2012 Ch. L'Eglise Clinet, Pomerol

2012 Ch. L'Eglise Clinet, Pomerol

Red, For laying down   Red | For laying down | Chateau L'Eglise-Clinet | Code: 17218 | 2012 | France > Bordeaux > Pomerol | Merlot | Medium-Full Bodied, Dry | 14.5 % alcohol



Bottle 6 x 75cl




Bottle 6 x 75cl



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Scores and Reviews









DECANTER - Rich, ripe and dense. Expressive red berry nose with toasted oak evident. Sweet, plush mid-palate (heightened by 14.5% alcohol although that doesn't show). Long, firm finish. A touch dry on the end.
James Lawther MW, Decanter, April 2013

JANCIS - 90% Merlot, 10% Cabernet Franc, on clay and gravel, very small volume this year. Deep dark crimson. Black core. Just-ripe dark fruit and sweet oak spice on the nose. Hint of char and cedar. Chewy and firm and just enough fruit in the middle but only just. Savoury, lots of char but lots more to come. It's less approachable than many a 2012. I like its earthy firmness but the char taste on the oak seems a little heavy.
Julia Harding MW, jancisrobinson.com, 29 Apr 2013

PARKER - Along with Petrus, the 2012 l’Eglise Clinet is the potential wine of the vintage. An amazing tour de force in winemaking, the wine’s inky/purple color is accompanied by copious notes of spring flowers, creme de cassis, kirsch liqueur, truffles, caramels and graphite. Full-bodied with enormous concentration, the purity, exquisite balance and sheer gravitas and palate presence of this massive yet phenomenally compelling Pomerol are something to behold. Kudos to l’Eglise Clinet. This wine will be approachable in 4-5 years, and last for three decades or more.

An amazing performance from proprietor Denis Durantou, this blend of 85% Merlot (harvested between September 21 and October 4) and 15% Cabernet Franc (harvested October 6) hits all the sweet spots in the olfactory senses as well as on the more crude palate.
Robert Parker - Wine Advocate - Apr 2013

WS - Ripe, focused, pure and precise, this pulls raspberry, cherry and red currant fruit together seamlessly, letting the floral, iron and incense notes flicker through the long, silky finish. A beautiful wine.
James Molesworth, Wine Spectator, April 8, 2013

The Story

Chateau L'Eglise-Clinet


Chateau L'Eglise-Clinet

Château L'Eglise-Clinet is now amongst the elite of Pomerol producers. Its vineyards were originally part of Château Clinet and Château Clos l`Eglise respectively, and the property came into being in the 1950s.

L'Eglise-Clinet has been owned and run by Denis Durantou since 1982. Its 5.5 hectares of vineyards are located on the Pomerol plateau, where the soils are rich in gravel, clay, sand and iron. The vines have a high average age of around 45 years, with a proportion of them dating back to pre-1956, having escaped the brutal frosts of that year.

L'Eglise-Clinet's wine is typically a blend of 80% Merlot and 20% Cabernet Franc. The grapes are vinified in a combination of concrete vats and stainless steel vats. The wine is then aged in small oak barriques (50-70% new) for 18 months.




The most widely planted grape in Bordeaux and a grape that has been on a relentless expansion drive throughout the world in the last decade. Merlot is adaptable to most soils and is relatively simple to cultivate. It is a vigorous naturally high yielding grape that requires savage pruning - over-cropped Merlot-based wines are dilute and bland. It is also vital to pick at optimum ripeness as Merlot can quickly lose its varietal characteristics if harvested overripe.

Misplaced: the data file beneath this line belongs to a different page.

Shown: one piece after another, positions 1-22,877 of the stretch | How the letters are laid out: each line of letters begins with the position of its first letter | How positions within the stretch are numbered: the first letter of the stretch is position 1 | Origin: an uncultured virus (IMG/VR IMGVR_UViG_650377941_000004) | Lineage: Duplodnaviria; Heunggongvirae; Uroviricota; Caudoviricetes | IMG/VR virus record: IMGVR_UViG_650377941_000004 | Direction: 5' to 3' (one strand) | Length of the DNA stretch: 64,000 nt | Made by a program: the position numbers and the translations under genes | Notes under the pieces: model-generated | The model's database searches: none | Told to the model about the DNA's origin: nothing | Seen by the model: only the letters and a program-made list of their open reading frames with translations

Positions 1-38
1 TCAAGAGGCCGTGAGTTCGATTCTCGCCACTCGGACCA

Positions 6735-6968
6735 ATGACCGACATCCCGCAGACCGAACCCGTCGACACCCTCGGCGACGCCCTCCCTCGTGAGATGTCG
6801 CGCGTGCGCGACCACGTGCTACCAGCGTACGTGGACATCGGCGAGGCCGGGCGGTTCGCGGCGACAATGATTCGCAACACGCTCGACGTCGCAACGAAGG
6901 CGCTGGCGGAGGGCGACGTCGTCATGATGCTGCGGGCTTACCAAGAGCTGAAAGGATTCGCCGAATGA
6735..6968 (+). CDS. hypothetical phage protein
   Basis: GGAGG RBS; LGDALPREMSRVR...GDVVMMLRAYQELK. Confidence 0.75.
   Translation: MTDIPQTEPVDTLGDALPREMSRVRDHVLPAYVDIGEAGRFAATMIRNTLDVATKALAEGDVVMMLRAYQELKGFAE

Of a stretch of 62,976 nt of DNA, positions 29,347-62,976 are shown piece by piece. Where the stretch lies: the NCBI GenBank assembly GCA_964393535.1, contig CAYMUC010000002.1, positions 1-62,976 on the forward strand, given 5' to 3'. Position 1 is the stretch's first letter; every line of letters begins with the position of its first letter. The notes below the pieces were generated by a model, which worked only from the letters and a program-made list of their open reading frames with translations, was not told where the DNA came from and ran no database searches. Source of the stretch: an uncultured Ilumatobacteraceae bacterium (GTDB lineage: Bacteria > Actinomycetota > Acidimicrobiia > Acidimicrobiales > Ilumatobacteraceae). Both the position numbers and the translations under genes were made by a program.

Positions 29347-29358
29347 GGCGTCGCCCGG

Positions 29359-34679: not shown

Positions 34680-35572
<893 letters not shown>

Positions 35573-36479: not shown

In St.Emilion and Pomerol it withstands the moist clay rich soils far better than Cabernet grapes, and at it best produces opulently rich, plummy clarets with succulent fruitcake-like nuances. Le Pin, Pétrus and Clinet are examples of hedonistically rich Merlot wines at their very best. It also plays a key supporting role in filling out the middle palate of the Cabernet-dominated wines of the Médoc and Graves.

Merlot is now grown in virtually all wine growing countries and is particularly successful in California, Chile and Northern Italy.



Pomerol is the smallest of Bordeaux's major appellations, with about 150 producers and approximately 740 hectares of vineyards. It is home to many bijou domaines, many of which produce little more than 1,000 cases per annum.

Both the topography and architecture of the region is unremarkable, but the style of the wines is most individual. The finest vineyards are planted on a seam of rich clay which extends across the gently-elevated plateau of Pomerol, which runs from the north-eastern boundary of St Emilion. On the sides of the plateau, the soil becomes sandier and the wines lighter.

For a long time Pomerol was regarded as the poor relation of St Emilion, but the efforts of Jean-Pierre Moueix in the mid-20th century brought the wine to the attention of more export markets, where its fleshy, intense and muscular style found a willing audience, in turn leading to surge in prices led by the demand for such limited quantities.

There is one satellite region to the immediate north, Lalande-de-Pomerol whose wines are stylistically very similar, if sometimes lacking the finesse of its neighbour. There has never been a classification of Pomerol wines.

Recommended Châteaux : Ch. Pétrus, Vieux Ch. Certan, Le Pin, Ch. L’Eglise-Clinet, Ch. La Conseillante, Ch. L’Evangile, Ch. Lafleur, Trotanoy, Ch. Nenin, Ch. Beauregard, Ch. Feytit-Clinet, Le Gay.

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